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"Ocean's 8" is your summer movie

Jun. 21, 2018
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The expectations for Ocean’s 8 were high, considering the ridiculously talented, amazingly diverse cast. Add in the Met Gala, some big jewels, and the previous Ocean’s movies. That’s a lot of pressure. So it's no surprise that the film opened with a solid 41.5 million dollars, topping the box office.

Here are a few reasons: 

1. The undeniable chemistry between the actors propelled the film. Behind all the glam and wit, the story is about a group of women coming together, loving each other, and valuing each of their own skills. This played beyond the screen; in real life, the actresses have emphasized their bond with each other and the benefits of having a predominantly female cast. It’s an amazing feat that they pulled off here—an ensemble of eight very different women who all became friends and had seamless on-screen and off-screen chemistry. 

2. Debbie and Lou’s relationship must not be missed. This movie is perfect for Pride Month, in a way. Social media had a collective meltdown over Debbie Ocean and Lou’s suggested relationship. Labeled by the movie as long-time friends (haha, sure), viewers felt that there was more. Cate Blanchett—who plays Lou, Debbie’s old partner and the owner of a rock-and-roll style club—pointed out Lou’s masculine energy as a possible reason for why viewers might interpret things that way. She has a tough energy about her, rides a motorcycle, and wears suits for most of the movie. There's clear chemistry between Blanchett’s Lou and Sandra Bullock’s Debbie, and several references to their past history in the movie. Although it has been confirmed that nothing was meant to be suggestive of any romantic history, there is still a chance that fans might get want they want in a possible Ocean’s 9

3. Ocean’s 8 is a heist movie. A bunch of badass women sneak around jewels in the Met Gala. It’s clever, although critics like to point out how that wouldn’t work and how it’s not possible to hack into... no one cares. It’s a fun summer movie that is refreshing and exciting. You find yourself rooting for the characters all the way. The Met Gala is recreated stunningly, with a few celebrity cameos and a whole lot of fuss. Another huge bonus, there’s no violence. Ocean’s 8 was a fun, welcomed movie. No guns, no blood, no emotional trauma.4. Feast your eyes on the fashion. The costume designer, Sarah Edwards, did the most amazing job in creating distinct, highly characterized looks for each character. 9 Ball, played by Rihanna, wears baggy sweaters and jeans for most of the movie, transforming into the Rihanna we know in a flaming Zac Posen dress at the end. Daphne Kluger, played hilariously by Anne Hathaway, is a model Met Gala host with the heavy, $150 million Toussaint necklace on her elegant neck. Constance, Awkwafina’s first movie character, is a comic scene-stealer, wearing street style that reflects her character’s lifestyle and stunning in Jonathan Simkhai. Mindy Kaling and Cate Blanchett’s characters work in the kitchens and wear uniforms, but Kaling’s Amita still gets to step down the Met stairs in a gold Naeem Khan. Sarah Paulson’s Tammy screams MOM in her mom jeans, sweaters, and coats until she wears black velvet Prada for her job at the Met. Helena Bonham Carter, playing the uninspired, slightly eccentric fashion designer Rose Weil, wears the normal, slightly ridiculous Met Gala fare, a flowering Dolce and Gabbana. Debbie Ocean is extravagantly stylish and sleek in long coats and heels. Her Met dress, by Alberta Ferretti, alludes to her character with its gold starfishes and waves. The real fashion star of the whole movie is Cate Blanchett’s Lou. Every time Lou appeared in another well-fitted, chick-rocker, androgynous outfit, a pocket of LGBT+ Twitter freaked out. She's the only one who doesn’t step down the Met steps, but she still wears an amazing emerald Givenchy suit to meet Debbie outside of the museum. Honestly, we would pay money to see a movie of just Cate Blanchett in suits.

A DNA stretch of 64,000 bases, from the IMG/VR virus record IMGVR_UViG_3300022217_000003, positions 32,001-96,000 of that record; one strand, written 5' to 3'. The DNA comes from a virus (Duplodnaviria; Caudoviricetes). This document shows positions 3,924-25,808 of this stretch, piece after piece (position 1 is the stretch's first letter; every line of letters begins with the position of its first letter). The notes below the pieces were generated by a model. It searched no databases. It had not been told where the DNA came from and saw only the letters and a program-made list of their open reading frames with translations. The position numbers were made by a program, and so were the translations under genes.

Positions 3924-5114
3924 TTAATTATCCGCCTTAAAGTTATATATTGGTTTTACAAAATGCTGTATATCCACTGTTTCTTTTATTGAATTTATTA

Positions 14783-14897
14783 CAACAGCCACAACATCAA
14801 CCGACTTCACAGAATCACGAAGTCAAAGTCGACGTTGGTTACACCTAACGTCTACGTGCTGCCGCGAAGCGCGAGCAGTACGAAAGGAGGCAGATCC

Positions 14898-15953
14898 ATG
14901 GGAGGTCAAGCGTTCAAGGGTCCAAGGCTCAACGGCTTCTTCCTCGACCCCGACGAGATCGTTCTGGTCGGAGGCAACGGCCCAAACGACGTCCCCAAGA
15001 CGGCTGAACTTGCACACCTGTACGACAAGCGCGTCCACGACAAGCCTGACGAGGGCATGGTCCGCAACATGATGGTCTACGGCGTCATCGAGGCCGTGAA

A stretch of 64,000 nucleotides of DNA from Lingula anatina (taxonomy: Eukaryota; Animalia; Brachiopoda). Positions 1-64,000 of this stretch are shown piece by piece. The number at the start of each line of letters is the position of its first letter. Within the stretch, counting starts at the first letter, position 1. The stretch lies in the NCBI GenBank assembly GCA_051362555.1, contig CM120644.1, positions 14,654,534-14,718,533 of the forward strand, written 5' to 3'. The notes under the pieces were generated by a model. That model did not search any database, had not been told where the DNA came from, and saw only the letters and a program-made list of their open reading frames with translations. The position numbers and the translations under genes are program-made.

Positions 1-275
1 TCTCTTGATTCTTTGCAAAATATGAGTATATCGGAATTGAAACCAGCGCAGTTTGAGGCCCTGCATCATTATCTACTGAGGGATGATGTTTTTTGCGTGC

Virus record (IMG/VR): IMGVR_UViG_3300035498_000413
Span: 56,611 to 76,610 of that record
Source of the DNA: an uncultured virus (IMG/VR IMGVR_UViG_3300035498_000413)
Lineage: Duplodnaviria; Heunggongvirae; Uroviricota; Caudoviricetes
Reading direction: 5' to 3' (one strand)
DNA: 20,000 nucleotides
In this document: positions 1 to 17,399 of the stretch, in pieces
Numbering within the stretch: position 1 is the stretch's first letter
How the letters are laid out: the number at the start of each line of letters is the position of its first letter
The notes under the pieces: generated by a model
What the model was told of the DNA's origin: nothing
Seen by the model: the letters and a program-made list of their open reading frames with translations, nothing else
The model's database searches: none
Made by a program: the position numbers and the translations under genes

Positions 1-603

5. Ocean’s 8 is empowering for women and girls. I walked out of the theatre with a big smile on my face because they did it, they really did it. These women made a diverse, fun movie that viewers just really enjoyed. It was a powerful statement at the same time, because a group of women—of diverse women—made a vastly succesful movie. I felt empowered by what that meant for representation in the future. Ocean’s 8 felt like the first true Time’s Up-era movie. The focus was undoubtedly on the women of the film without the women being in traditional women roles or the viewers constantly being reminded that they were women in traditional men’s roles. This is what we want and what we’ve wanted for the longest time: an unapologetic, unhindered movie about women. Seeing it happen felt so right. It felt like a big step forward, without being about the step. 

The story and the characters were also empowering. I mean, come on—they pulled off a heist in the classiest way.